How A Non Profit Didn’t Have To Pay The Ransomware

Ransomware doesn’t just hit the big guys, they don’t discriminate against organizations of any size. It would be foolish to think that Ransomware attackers won’t bother with you. They don’t care. If they manage to get in, they will get you. This became a harsh lesson for a small non profit organization here in Vancouver last week.

hackerRansomware encrypts your files so that you no longer have access to them, and then demands payment to get that access back.

There have been many instances of Ransomware attacks this year – Carlton University, a Labrador business. Canada in fact ranks the fourth-most vulnerable country for ransomware.

2016 is fast becoming the year of Ransomware.

Just A Small Non Profit

This small non profit manages bookkeeping and accounting services for other non profits. They are a small organization, only five desktops and a server, and they don’t have the expertise to fight off a ransom.

Their IT support is outsourced, like many companies of this size. They are much too small to hire an in-house tech support person, and their technology needs are normally not that great. This day would be different.

As a bookkeeping agency they are responsible for their client’s accounting records and they store those Quickbooks accounting files on their in-house server. These accounting files are the life blood of the clients they support. To lose them means losing all accounting activity for the year and prior years.

The consequences are disastrous.

The Ransomware Attack

They had heard about Ransomware, so when one of the staff noticed files on the server changing to something unreadable she mentioned it immediately. A subsequent call to tech support went out shortly after that.

Here’s what she saw:

ransomware-zfile-list

Recognizing and responding quickly is very important in a Ransomware situation and the speedy call for support, followed by the immediate shut down of their server and all desktop computers helped then not lose all their files.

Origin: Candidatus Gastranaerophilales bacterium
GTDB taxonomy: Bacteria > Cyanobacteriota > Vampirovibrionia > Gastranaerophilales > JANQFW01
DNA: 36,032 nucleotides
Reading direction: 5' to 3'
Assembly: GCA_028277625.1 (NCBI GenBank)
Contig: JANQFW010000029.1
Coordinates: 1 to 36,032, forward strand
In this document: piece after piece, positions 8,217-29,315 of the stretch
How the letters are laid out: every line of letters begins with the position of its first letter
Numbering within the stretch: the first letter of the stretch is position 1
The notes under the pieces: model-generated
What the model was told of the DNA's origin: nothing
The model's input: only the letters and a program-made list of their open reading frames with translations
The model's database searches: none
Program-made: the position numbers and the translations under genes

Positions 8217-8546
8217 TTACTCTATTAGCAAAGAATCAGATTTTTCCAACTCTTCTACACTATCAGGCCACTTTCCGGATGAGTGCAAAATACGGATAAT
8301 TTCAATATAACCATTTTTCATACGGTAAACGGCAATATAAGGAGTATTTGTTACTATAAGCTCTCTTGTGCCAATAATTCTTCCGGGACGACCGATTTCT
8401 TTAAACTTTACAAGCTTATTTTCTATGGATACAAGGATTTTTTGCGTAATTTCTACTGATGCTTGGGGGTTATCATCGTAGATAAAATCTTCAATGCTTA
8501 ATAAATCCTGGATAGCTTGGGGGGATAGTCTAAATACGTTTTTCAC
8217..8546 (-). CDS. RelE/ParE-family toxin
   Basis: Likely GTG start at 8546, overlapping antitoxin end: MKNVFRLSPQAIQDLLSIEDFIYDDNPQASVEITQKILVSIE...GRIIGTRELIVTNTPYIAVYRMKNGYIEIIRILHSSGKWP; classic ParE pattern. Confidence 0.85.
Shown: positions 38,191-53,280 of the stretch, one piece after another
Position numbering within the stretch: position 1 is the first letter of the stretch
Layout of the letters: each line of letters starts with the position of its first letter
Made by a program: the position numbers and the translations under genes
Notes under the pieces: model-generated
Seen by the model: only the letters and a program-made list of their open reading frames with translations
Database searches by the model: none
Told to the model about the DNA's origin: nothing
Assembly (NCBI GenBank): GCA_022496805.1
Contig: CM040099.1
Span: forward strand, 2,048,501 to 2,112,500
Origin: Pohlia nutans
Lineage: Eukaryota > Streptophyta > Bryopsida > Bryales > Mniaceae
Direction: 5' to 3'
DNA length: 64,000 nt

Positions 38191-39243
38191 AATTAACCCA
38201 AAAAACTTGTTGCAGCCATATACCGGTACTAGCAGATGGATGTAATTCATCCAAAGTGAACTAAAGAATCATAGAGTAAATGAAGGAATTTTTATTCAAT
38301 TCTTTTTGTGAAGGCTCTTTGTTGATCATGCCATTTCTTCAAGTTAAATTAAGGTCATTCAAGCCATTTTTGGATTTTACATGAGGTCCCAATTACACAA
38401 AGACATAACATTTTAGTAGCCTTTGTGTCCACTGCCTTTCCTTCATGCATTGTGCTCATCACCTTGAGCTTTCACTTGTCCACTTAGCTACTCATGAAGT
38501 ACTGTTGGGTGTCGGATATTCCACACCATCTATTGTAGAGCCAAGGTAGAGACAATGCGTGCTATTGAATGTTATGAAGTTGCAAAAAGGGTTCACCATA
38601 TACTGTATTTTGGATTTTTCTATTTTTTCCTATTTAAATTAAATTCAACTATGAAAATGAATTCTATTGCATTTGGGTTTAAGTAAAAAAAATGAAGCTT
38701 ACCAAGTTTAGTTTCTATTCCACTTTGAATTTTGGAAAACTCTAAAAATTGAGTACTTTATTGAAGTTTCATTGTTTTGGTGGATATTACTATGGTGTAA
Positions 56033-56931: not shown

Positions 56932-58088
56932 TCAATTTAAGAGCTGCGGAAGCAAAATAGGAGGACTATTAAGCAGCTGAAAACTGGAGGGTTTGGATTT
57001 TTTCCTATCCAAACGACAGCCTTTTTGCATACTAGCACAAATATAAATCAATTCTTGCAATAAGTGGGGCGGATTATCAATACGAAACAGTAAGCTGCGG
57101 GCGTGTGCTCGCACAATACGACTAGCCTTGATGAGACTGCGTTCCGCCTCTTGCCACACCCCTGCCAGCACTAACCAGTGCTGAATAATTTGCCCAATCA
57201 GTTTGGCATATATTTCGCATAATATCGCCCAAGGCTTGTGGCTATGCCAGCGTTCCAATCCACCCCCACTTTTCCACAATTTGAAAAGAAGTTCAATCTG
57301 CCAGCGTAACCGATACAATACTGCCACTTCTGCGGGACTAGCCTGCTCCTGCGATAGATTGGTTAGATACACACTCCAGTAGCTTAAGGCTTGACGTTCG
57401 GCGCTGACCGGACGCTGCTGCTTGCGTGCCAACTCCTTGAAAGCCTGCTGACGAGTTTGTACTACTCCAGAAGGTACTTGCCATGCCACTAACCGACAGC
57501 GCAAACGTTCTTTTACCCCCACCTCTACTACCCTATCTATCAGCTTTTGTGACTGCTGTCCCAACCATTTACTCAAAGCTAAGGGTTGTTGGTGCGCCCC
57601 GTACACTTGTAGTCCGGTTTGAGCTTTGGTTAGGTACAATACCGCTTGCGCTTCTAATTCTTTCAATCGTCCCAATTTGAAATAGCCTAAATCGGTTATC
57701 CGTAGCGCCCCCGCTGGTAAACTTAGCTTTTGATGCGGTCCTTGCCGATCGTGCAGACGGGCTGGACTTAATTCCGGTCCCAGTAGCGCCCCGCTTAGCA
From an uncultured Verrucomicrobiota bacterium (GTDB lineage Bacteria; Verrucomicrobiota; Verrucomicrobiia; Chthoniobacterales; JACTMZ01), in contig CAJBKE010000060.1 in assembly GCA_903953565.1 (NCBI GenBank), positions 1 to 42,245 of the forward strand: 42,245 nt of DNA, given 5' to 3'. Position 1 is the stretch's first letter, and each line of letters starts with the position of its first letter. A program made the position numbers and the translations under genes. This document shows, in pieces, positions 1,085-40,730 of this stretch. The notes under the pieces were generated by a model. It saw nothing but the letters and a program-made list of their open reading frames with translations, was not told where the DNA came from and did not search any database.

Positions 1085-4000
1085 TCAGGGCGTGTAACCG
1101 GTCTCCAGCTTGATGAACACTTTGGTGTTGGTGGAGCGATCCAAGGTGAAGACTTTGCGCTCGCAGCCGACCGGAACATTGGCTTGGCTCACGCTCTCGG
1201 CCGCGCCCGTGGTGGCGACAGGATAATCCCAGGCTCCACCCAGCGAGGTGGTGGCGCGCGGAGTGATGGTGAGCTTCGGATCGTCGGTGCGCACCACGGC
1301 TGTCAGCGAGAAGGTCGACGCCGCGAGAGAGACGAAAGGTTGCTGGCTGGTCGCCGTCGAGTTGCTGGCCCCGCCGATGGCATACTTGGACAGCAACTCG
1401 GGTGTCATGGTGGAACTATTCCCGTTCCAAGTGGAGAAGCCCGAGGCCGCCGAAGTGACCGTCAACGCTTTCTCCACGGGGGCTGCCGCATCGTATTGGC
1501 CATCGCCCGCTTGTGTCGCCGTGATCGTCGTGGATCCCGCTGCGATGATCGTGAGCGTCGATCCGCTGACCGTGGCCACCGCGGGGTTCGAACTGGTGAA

How did it happen? One of the staff opened an attached “zip” file (compressed file) in an email. From there the attack reached out very quickly to all the attached drives it could find.

Luck, and Cloud Backups

Their support company responded quickly, yet within just a few minutes over 6,000 files were encrypted on their server, and over 15,000 files were encrypted on the desktop that was the source of the attack.

By the time it was all over they knew they had been lucky. They had reacted quickly once they saw the problems, and they had been doing daily cloud backups so they could pull back data from the day before. They were back up and running again by the end of the following day. All files had been restored and they did not have to pay the ransom.

You can find the full step-by-step story of troubleshooting and mitigating this Ransomware attack here: Ransomware attack

About the Author

technicalguy
Guy is an experienced technician and technical writer, owner of Foreverwarm.com, and wine aficionado. He writes for multiple blogs while managing IT support, web hosting, and cloud backup companies.

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